Divorce Series Part 7: Tax Cut and Job Act (TCJA) Repeal of Alimony
My name is Robert Bonavito, New Jersey forensic accountant. This video is part of a series of videos where I discuss forensic accounting topics for educational purposes only. If this was a litigated matter, I would take a different approach, have different conclusions based on different fact...
Hi, welcome to our discussion on alimony and tax issues involving divorce in matrimonial. Today, we're gonna talk about the TCJA, which, of course, is the Tax Cut and Jobs Act, signed into law on December 22nd, 2017. And as most of you know, this had a lot of effects not only on taxes, in general, but especially on matrimonial and alimony deductions. Because what it did basically was it repealed alimony. And I love how the government goes about doing this. They simply put, you know, this Section 11051 Repealed Deduction for Alimony, and this caused mass havoc throughout the matrimonial community in New Jersey. Because what was happening at the end of 2018, everybody had to get divorced because they wanted that alimony deduction because it means a lot. And why do you think they repealed it? Why do you think the government did away with it? Because this will raise close to $7 billion of taxes over 10 years. So, by reducing...getting rid of this alimony deduction, the government's gonna make another $7 billion. So, what they were doing was they were subsidizing high net worth individuals in divorce, and that's why they got rid of it.
So, this does have...you know, besides losing that deduction, there's a couple of things you should be aware of as a forensic accountant or someone who's getting divorced. If you go back and you do a modification in alimony, let's say you were divorced in 2018. You know, you have the deduction. You wanna get it modified. Well, if you get it modified, you gotta make sure it doesn't affect the deductibility of that alimony, right, because that's a big thing. So, you know, make sure you discussed it with your lawyer.
But some of the other things that happened was, you know, no one really likes to talk about this, but you know, you kind of look at the rule of thumb. And what we used to do as forensic accountants is you would take the monied spouse's income, subtract what the non-monied spouse made or whatever was attributed to her or him. And you deduct it by one...divide it by 3 and that's kind of where the alimony usually turned up and 80% of the cases when we check it that's how it worked. But now, it's not deductible. So, what do you do? Well, we basically do the same formula except, if dividing by 3, we divide it by 4, you know, or multiply it by 0.25. So, basically, in order to account for the laws of that tax deduction, it's like it goes...it's about 8%. It goes from 0.33 to 0.25. And yeah, you could do the math yourself. So, that's something to be aware of.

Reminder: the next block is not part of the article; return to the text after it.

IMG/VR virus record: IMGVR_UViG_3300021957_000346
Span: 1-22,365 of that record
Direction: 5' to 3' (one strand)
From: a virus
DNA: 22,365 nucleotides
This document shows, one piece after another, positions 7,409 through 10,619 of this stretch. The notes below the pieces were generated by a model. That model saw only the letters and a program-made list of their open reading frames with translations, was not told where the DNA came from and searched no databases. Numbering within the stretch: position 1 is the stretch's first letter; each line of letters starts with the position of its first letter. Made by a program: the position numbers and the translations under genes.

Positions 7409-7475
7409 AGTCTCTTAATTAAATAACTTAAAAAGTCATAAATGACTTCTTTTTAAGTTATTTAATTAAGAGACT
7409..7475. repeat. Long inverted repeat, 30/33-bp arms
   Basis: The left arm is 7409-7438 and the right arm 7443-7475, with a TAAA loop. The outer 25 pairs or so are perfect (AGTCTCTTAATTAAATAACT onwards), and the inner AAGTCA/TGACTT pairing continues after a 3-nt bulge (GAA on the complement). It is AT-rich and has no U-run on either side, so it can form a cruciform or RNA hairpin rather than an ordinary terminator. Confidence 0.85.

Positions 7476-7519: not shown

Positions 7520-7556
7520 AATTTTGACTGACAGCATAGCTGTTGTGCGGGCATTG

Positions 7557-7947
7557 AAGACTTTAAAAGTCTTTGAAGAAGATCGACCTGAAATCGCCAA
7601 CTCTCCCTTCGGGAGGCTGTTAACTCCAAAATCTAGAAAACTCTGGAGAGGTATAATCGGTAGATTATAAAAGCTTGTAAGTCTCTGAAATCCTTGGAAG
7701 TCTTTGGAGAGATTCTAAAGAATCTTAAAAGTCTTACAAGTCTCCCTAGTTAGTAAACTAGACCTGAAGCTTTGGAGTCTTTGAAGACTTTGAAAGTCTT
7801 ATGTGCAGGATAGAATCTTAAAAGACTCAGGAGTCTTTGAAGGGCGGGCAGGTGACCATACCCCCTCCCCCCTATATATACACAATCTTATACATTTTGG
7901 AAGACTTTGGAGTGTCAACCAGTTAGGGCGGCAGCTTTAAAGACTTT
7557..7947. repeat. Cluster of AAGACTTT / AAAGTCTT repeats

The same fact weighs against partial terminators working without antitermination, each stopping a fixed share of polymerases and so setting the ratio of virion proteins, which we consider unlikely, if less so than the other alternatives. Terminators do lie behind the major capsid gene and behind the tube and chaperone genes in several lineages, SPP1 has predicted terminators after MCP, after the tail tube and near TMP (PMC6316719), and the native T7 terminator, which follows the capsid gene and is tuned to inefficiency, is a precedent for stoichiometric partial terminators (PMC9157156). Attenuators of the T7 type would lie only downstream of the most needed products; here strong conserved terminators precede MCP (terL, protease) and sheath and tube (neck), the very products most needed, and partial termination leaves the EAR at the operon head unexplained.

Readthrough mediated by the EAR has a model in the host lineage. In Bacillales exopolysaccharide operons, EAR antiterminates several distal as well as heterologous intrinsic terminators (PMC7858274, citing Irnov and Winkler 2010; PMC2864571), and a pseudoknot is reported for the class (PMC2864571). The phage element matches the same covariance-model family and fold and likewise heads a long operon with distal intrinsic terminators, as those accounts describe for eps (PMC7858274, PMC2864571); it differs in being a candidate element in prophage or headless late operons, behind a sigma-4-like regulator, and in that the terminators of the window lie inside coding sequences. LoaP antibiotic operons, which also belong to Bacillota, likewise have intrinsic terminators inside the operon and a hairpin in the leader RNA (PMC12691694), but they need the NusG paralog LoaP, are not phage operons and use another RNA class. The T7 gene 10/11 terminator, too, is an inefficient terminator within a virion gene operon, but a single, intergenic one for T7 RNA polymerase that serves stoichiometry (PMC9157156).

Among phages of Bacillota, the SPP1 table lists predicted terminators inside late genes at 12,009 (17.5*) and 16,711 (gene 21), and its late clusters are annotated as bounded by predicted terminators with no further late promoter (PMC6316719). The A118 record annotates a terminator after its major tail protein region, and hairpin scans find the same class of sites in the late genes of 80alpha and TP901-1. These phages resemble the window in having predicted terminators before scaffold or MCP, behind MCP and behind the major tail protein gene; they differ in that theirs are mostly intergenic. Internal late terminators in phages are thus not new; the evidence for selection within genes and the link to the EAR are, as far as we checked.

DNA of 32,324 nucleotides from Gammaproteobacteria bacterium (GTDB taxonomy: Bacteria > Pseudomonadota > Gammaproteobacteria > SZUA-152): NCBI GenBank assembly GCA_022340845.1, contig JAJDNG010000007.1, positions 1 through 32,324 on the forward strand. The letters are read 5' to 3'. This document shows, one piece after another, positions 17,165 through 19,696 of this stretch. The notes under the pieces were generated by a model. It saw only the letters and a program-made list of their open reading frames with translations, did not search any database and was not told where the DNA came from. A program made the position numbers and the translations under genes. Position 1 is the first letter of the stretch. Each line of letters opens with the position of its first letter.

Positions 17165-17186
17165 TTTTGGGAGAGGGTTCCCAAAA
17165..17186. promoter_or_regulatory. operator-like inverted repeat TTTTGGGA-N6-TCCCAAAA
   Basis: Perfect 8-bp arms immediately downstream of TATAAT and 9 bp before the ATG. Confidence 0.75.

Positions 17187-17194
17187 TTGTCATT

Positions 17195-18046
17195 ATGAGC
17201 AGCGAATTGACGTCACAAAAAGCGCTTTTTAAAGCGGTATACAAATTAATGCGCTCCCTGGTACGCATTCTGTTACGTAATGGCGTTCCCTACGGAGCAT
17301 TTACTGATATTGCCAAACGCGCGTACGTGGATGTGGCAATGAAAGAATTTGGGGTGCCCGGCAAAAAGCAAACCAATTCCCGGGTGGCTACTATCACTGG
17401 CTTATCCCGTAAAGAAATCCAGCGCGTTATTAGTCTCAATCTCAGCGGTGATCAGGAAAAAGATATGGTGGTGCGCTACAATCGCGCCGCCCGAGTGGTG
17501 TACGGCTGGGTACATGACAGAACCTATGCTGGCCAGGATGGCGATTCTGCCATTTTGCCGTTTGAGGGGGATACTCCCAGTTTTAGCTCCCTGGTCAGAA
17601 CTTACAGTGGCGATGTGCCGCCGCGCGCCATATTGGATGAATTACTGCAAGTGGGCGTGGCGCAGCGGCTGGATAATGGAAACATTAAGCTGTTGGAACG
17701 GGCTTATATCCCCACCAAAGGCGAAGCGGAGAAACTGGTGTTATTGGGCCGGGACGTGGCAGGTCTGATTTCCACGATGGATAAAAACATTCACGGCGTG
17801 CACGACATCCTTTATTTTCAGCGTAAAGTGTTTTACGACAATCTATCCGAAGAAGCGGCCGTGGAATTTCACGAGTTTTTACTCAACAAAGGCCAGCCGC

Now, let's see. Okay. So, there are still requirements that...and a lot of people aren't familiar with this. But in order to be alimony, it has to meet certain requirements. And I'm gonna just go through those here because they are pretty obvious. But the payment must be made pursuant to a written divorce agreement. We had, for a while there our firm was handling a lot of audits, where the government was coming in and auditing alimony deductions because they wanted to go back and see how the divorce agreement was written, to make sure that it was alimony and not child support or education, or things like that.
So this is important, to make sure it is alimony because just because alimony is not deductible now doesn't mean it's not gonna be deductible in the future, right? And they may need to make it retroactively. Who knows? Payments must be made on behalf of the spouse or ex-spouse. Payments not...they cannot be as not alimony. Obvious. I love reading this. Ex-spouse cannot live in the same household or file jointly, it must be cash or cash equivalent, it cannot be child support and social security number is required and payments must stop at the receipt of...obviously, if they die, it should be stopped.
So, basically, it's pretty simple, okay? They passed the tax law because they want to raise $10 billion. And they denied they're not subsidizing wealthier individuals' alimony payments anymore. That's what it comes down to and makes divorces a little simpler. It changes the divisors and multipliers we use to verify or check divorce alimony payments. But basically, the alimony is gonna be calculated based on factors because New Jersey is a court of equity.
So, we covered a lot. But if you guys have any questions, just leave it below on my YouTube channel here. One of my analysts or I will get back to you. Thanks for taking the time to listen. I really appreciate it. Robert A. Bonavito, New Jersey forensic accountant.